• Human resource flows – recruitment, selection, placement, promotion, appraisal and assessment, promotion, and termination. Macquarie Bank continues its recruitment of fresh graduates and training and developing them to the requirements of the organization, but should also hire employees with experience from other organizations, to diversify on skills. • Reward systems – pay systems, and motivation. The fact that Macquarie Bank pays its staff top salaries is motivating enough and other motivational systems such as employee empowerment should be increased.

• Employee influence – delegated levels of authority, responsibility, and power. The engagement by Macquarie staff to contribute to the society in a philanthropic way should be encouraged further to make them have a sense of influence and belonging to the society. • Work systems – definition or design of work and alignment of people. Macquarie Bank has been able to maintain its success using an incremental adjustment process while operating in a rapidly changing environment. Change is managed by a gradual process of constant adjustment. (Beer and Nohria, 2002. p. 224).

This is because Macquarie Bank believes that policy decisions are not dramatic, but they evolve, and that the growth of an organization is also matched with the supply of enough human resources. 1. b) The Michigan Model This one has a harder, less humanistic touch holding that employees are resources in the same way as any other business resource. Thus they must be obtained as cheaply as possible, used sparingly, developed and exploited, as much as possible. This model stresses upon the crucial importance of the close integration of HR policies, systems and activities with business strategy.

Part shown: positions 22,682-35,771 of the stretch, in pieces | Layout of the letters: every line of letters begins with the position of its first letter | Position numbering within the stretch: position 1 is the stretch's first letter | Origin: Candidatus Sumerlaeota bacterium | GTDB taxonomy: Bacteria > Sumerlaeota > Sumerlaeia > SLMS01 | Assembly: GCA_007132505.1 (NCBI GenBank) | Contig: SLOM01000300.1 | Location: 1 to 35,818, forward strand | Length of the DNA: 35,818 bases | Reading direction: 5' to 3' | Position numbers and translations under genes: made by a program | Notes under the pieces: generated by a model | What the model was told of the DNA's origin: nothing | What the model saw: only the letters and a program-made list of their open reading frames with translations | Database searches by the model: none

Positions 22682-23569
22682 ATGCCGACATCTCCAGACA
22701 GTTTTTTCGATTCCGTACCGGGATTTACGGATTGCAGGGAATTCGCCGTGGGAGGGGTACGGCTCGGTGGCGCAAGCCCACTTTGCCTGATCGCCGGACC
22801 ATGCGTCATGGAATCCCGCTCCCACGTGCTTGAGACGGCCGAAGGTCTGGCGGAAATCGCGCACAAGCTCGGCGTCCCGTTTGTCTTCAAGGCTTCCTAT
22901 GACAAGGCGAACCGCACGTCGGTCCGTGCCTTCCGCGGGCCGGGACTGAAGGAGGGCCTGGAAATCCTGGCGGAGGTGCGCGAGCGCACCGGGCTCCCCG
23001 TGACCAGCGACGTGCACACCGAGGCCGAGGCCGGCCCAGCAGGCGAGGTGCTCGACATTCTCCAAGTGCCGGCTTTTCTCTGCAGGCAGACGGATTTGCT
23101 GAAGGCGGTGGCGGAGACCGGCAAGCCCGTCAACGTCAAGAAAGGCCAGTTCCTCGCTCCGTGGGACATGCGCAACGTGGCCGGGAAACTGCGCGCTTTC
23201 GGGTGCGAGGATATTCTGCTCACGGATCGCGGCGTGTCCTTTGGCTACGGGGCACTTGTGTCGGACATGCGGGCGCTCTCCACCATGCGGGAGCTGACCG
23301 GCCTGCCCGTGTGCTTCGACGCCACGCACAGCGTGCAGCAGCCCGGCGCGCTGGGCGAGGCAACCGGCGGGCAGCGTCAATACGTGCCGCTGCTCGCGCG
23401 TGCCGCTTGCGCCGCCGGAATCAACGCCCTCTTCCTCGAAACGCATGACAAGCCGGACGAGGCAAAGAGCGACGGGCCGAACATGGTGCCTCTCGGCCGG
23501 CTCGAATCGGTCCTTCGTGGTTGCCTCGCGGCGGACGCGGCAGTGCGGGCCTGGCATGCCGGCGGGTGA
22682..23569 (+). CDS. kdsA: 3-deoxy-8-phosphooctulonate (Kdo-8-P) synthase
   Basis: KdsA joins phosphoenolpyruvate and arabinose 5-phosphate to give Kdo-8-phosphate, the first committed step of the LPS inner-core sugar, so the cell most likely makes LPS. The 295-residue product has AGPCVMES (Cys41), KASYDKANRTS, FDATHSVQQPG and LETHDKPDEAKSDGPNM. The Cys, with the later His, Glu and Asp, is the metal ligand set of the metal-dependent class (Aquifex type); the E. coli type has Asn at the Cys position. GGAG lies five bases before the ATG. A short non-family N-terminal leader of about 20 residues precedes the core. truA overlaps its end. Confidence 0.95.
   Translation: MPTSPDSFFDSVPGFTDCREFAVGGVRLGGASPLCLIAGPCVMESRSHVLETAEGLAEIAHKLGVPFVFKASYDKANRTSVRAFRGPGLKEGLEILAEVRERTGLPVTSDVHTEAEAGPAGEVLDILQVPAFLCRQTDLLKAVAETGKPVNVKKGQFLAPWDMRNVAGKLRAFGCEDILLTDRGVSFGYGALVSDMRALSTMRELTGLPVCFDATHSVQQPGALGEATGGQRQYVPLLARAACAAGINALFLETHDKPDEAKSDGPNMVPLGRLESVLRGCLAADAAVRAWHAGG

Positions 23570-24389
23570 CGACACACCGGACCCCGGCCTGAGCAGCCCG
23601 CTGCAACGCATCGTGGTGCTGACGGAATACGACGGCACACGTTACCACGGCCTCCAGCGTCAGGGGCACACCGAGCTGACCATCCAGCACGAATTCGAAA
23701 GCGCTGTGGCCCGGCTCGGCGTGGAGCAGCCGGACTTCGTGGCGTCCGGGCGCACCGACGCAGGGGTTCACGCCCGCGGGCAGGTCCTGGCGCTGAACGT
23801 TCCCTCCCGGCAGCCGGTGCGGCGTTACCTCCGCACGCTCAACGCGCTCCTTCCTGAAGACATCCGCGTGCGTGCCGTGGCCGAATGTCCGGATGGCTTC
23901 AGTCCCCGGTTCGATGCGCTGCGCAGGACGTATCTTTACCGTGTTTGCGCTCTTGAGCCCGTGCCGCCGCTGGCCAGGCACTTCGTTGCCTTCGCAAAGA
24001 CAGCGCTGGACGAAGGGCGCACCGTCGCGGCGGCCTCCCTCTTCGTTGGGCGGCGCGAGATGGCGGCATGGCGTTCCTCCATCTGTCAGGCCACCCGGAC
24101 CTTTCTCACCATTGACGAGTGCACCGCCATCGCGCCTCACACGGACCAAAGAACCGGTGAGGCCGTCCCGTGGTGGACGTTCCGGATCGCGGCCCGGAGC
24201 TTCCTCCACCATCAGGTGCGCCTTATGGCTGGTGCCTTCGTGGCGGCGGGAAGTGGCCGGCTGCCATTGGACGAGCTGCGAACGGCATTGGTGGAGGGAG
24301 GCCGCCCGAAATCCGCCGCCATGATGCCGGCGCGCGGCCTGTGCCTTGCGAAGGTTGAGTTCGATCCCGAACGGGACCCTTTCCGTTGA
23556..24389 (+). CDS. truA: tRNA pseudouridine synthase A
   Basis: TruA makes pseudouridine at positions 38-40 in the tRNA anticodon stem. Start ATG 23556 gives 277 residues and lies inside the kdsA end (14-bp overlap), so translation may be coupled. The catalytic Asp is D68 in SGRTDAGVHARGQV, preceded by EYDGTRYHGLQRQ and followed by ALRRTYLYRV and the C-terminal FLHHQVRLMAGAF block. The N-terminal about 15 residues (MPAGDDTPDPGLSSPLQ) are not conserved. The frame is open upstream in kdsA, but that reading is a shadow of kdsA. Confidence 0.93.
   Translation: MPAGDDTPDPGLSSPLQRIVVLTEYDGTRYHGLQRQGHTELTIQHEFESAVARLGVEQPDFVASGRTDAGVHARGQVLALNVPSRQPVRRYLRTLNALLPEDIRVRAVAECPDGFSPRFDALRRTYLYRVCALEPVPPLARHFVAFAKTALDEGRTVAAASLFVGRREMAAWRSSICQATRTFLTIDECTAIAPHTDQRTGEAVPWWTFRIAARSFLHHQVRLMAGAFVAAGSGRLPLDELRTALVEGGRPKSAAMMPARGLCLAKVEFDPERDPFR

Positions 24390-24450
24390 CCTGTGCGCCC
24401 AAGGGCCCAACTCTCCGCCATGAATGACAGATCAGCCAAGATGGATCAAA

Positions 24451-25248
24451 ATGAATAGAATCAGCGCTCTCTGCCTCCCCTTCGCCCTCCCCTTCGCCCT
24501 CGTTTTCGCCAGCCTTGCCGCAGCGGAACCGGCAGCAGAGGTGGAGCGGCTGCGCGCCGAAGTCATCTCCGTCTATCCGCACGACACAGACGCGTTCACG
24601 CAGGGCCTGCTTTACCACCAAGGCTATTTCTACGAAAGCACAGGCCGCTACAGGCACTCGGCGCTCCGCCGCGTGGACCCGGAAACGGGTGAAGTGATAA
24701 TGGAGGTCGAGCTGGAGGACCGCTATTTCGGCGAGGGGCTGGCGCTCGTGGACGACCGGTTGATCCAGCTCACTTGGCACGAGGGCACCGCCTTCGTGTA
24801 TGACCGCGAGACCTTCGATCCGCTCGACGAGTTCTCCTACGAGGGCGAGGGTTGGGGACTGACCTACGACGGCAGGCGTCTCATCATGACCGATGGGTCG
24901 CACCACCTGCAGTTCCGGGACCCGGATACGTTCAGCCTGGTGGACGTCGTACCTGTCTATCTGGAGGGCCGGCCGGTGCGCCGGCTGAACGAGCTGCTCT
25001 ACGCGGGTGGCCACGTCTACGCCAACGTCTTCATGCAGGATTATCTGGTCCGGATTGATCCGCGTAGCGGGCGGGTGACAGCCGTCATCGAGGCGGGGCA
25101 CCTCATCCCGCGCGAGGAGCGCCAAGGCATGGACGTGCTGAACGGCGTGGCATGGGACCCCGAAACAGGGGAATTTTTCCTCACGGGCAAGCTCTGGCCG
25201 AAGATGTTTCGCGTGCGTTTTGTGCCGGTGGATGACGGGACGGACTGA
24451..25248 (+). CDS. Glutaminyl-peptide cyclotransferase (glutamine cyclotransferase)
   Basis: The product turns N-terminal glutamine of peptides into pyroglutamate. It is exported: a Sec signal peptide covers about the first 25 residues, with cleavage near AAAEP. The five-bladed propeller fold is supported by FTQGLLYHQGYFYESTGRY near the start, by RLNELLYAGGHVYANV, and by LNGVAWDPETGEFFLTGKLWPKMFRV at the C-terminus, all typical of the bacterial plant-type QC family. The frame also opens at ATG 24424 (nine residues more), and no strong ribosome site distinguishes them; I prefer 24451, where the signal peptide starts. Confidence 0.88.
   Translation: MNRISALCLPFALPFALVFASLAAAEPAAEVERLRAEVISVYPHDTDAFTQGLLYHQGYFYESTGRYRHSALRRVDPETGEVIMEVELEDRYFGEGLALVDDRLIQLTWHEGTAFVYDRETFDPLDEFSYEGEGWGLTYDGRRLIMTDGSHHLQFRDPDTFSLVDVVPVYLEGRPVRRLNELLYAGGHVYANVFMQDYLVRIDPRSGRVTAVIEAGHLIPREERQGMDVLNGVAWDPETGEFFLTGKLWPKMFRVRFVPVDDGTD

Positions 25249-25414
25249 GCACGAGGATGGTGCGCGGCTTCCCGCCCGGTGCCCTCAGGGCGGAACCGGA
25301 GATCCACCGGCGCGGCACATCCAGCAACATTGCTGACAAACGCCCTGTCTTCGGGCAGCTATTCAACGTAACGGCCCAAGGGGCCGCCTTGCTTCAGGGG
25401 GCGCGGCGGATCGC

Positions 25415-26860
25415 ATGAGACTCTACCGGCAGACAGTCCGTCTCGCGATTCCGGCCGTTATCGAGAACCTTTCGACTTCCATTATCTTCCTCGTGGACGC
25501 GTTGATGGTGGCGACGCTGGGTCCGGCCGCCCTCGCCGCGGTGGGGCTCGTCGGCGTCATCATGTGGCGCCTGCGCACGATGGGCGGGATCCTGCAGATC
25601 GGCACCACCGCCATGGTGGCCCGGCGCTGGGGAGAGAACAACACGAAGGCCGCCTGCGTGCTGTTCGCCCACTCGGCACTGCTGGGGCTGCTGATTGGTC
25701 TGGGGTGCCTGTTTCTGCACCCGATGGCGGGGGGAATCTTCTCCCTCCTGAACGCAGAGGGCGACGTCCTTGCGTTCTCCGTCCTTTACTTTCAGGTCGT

Tarnam and Srivastava, (2005. p. 147). According to this model, the most important HR issues are selection of the most suitable people to meet business needs, performance in the pursuit of business objectives, appraisal, monitoring performance, and providing feedback to the organization and its employees, rewards for appropriate performance, development of skills and knowledge required to meet business objectives. The Michigan model has a practical approach unlike other models which stress on the commitment and relationship factors rather than on business results.

This model can offer a solution in attainment of organizational objectives to the satisfaction of all stakeholders (Stredwick, 2005. p. 4). Humans or people, as opposed to just employees, need to be managed in a way that is consistent with broad organizational requirements such as quality or efficiency. Personnel policies and organization structures have to be managed in a way that is congruent with organizational strategy, and organizational effectiveness depends on there being a tight fit between human resource and business strategies.

HRM strategies are all about making business strategies work and so emphasis is placed on how to best match and develop appropriate HRM systems. This model helps link properly business planning and human resource planning and can be adopted by Macquarie in achieving the long-term organizational objectives such as expansion and product diversification. This needs good employees to achieve as is the case in Macquarie in its bid to expand to more regions outside of Australia. The focus however should be on how to sustain this strategy.

The Michigan theorists further highlighted selection of the most suitable people to meet business needs, performance in the pursuit of business objectives, appraisal, monitoring performance and providing feedback to the organization and its employees, rewards for appropriate performance, and development of the skills and knowledge required to meet business objectives, as being the most important HR issues to achieve such a match. Macquarie bank has a staff recruitment policy suitable for its desired growth and should work on sustaining it in the long run.